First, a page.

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CBAMavs Corner: Explaining all the Jalen Brunson sign-and-trade scenarios

If the Mavericks and Brunson can’t come to an agreement, parting ways and not losing him for nothing is difficult

Dallas Mavericks v Chicago Bulls Photo by Jonathan Daniel/Getty Images

Many Dallas Mavericks fans and NBA fans in general love playing the role of fantasy General Manager, trying to map out what they think a team or player could do in free agency and other periods when teams can try to change and improve their roster. But it’s not easy and often, fans misunderstand what is possible under the current Collective Bargaining Agreement (CBA, from here on out).

So we’re introducing CBA Corner, where I am going to try and dive into complex CBA topics in standalone articles from time to time when the situation calls for it. It will usually be in response to the conversations and questions I see from Mavericks fans on social media. I get sent a lot of questions on there from fans trying to imagine ways to improve the team’s roster. Sometimes I can answer these questions quickly with a short response.

Other times the answer is so complicated that I can choose to (a) over-simplify the answer to fit a tweet, (b) ignore the question entirely, or (c) answer in a long thread. I’m not going to embed any examples.

For questions that require a long form answer I really appreciate the MavsMoneyBall platform to dive a little deeper. I tackled some of these types of questions in my SpotifyLive with Kirk.

Now let’s get into the question I get asked by far the most. It’s actually two questions that are deeply connected.

  1. “Can the Mavericks sign-and-trade Jalen Brunson away for (productive under contract player)?”
  2. “Can the Mavericks sign-and-trade for (free agent I like)?”

I’m grouping these together because it’s very likely people are just trying to understand how sign-and-trades work with either of these questions. I personally think Brunson did quite well this postseason and I want the Mavericks to simply re-sign him but that’s not why you are here.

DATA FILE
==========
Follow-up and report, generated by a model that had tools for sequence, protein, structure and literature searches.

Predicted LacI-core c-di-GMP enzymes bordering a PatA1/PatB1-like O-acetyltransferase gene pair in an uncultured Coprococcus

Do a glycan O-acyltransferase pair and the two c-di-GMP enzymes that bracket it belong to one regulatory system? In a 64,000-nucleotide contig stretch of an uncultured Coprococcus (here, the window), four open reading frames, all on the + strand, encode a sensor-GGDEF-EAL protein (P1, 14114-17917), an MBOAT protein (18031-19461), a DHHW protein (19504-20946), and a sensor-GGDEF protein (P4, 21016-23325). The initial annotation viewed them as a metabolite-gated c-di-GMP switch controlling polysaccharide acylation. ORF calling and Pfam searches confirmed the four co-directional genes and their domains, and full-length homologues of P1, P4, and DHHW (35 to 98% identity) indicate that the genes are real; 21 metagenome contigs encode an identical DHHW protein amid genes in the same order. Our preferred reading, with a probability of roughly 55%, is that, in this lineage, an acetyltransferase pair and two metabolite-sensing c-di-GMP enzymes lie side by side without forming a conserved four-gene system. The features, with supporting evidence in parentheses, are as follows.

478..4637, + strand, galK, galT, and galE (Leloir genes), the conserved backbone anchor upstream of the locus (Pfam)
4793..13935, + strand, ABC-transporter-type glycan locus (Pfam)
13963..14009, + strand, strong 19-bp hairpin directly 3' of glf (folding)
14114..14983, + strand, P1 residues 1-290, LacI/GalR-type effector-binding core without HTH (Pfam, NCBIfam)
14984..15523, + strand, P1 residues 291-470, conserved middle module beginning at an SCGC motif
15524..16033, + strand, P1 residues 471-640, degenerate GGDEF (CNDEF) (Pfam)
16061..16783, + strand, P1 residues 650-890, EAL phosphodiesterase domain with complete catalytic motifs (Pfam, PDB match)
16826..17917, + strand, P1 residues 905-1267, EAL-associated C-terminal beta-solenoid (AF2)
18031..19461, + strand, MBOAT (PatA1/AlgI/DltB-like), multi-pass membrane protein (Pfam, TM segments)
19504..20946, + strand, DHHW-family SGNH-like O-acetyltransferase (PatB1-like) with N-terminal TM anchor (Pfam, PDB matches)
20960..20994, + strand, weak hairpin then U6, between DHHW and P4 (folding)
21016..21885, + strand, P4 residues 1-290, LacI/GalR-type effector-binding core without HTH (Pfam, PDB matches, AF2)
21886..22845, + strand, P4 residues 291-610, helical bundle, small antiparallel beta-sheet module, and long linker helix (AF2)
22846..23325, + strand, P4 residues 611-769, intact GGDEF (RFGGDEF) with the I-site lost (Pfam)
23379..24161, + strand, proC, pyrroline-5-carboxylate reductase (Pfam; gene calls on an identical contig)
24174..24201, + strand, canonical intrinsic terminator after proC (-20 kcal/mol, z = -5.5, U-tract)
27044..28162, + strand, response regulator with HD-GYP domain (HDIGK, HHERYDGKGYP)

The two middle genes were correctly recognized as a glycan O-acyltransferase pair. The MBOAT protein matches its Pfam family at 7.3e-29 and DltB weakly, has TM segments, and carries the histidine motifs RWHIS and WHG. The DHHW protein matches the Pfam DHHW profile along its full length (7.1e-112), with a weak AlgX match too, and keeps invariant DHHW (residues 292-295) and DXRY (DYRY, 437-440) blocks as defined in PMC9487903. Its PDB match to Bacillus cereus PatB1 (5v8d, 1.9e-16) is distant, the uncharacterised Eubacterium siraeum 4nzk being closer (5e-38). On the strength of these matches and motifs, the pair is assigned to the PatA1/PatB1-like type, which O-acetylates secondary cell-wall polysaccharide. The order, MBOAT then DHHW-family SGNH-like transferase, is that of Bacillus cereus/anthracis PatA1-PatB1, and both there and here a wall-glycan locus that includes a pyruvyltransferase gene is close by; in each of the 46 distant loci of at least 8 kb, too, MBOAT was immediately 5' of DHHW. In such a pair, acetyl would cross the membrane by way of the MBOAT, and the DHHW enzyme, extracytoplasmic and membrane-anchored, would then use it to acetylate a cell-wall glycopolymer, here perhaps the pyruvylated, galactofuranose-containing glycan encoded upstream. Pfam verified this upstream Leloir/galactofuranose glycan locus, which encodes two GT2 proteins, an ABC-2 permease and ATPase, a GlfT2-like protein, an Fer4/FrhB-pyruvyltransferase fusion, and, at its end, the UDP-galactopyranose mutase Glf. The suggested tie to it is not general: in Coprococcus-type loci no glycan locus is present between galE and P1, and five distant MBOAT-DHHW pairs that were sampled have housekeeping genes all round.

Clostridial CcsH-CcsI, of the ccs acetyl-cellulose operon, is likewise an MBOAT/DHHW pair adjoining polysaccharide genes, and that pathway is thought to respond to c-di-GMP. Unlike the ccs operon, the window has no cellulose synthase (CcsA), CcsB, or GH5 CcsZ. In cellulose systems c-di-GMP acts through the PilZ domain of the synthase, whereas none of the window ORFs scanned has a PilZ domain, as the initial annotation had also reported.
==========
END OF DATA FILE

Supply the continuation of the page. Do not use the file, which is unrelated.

Putting the F in FAQ

Anytime a report or rumor comes out about a 2022 free agent I will certainly get a few tags or DMs about if the Mavs can acquire them. Here are two examples.

So for my own sanity I will now just link this column when people ask.

Jalen Brunson is a player that has his fair share of “keep at all costs” fans and a vocal group of “he isn’t the best big money fit next to Luka so sign-and-trade him” non-fans. And with the addition of the Spencer Dinwiddie the conversation about Brunson has gotten louder.

I’m actually NOT trying to convince you one way or the other. I’m 100% sure you will be able to find that lively conversation in the comments of this very post. I’d rather just inform you of the rules that set-up the legal guardrails for all these sign-and-trade Brunson conversations.

1.) Can the Mavericks trade Jalen Brunson in a Sign-and-Trade away this offseason?

Yes, but it’s complicated.

There is a Base Year Compensation (BYC) problem because Brunson is ending a contract that paid him very little compared to the contract he’s about to sign. This roadblock relates to a confusing part of the CBA trade rules.

If a player signs a contract with more than a 20% raise using bird rights then his OUTGOING salary in a sign-and-trade will only count the higher of (a) his previous year salary or (b) 50% of the first year of his new contract.

This brings us to TRADE MATH. This is very important and difficult to understand, but trades are organized SEPARETLY from each teams perspective. So you have to check if the trade works from the perspective of each team involved in the trade.

The BYC problem means that on the Mavericks-side trading Brunson will only equal 50% of the first year salary in his new contract.

Let’s imagine he signs for $20 million in the first year. That means the trade math for Dallas is that he counts for only $10 million outgoing. As a taxpaying team that means the Mavs could only receive back $12.6 million ($10 million times 1.25 + $100,000).

The team receiving Brunson at $20 million counts his actual salary in their trade math. Them receiving a sign-and-traded player means they’ll most likely be a non-tax team. The trade rules allow a non-tax team to receive Brunson’s hypnotical $20 million salary if they send out at least $15 million.

So BYC means trading Brunson in a simple direct trade wouldn’t work for one of the teams.

So BYC means trading Brunson in a simple direct trade wouldn’t work for one of the teams.

So the easiest way to make it work is to include a third team to absorb (using cap space or a Traded Player Exception) a small contract from the team receiving Brunson. This is an example of what that would look like.

Since the math from every team’s perspective has to balance, Brunson’s BYC issues will require a bit of trade gymnastics to complete a trade like I just demonstrated. The issue of Brunson’s 50% outgoing salary CAN be overcome if you make the trade big enough. Let’s look at a fake Brunson for Gobert trade.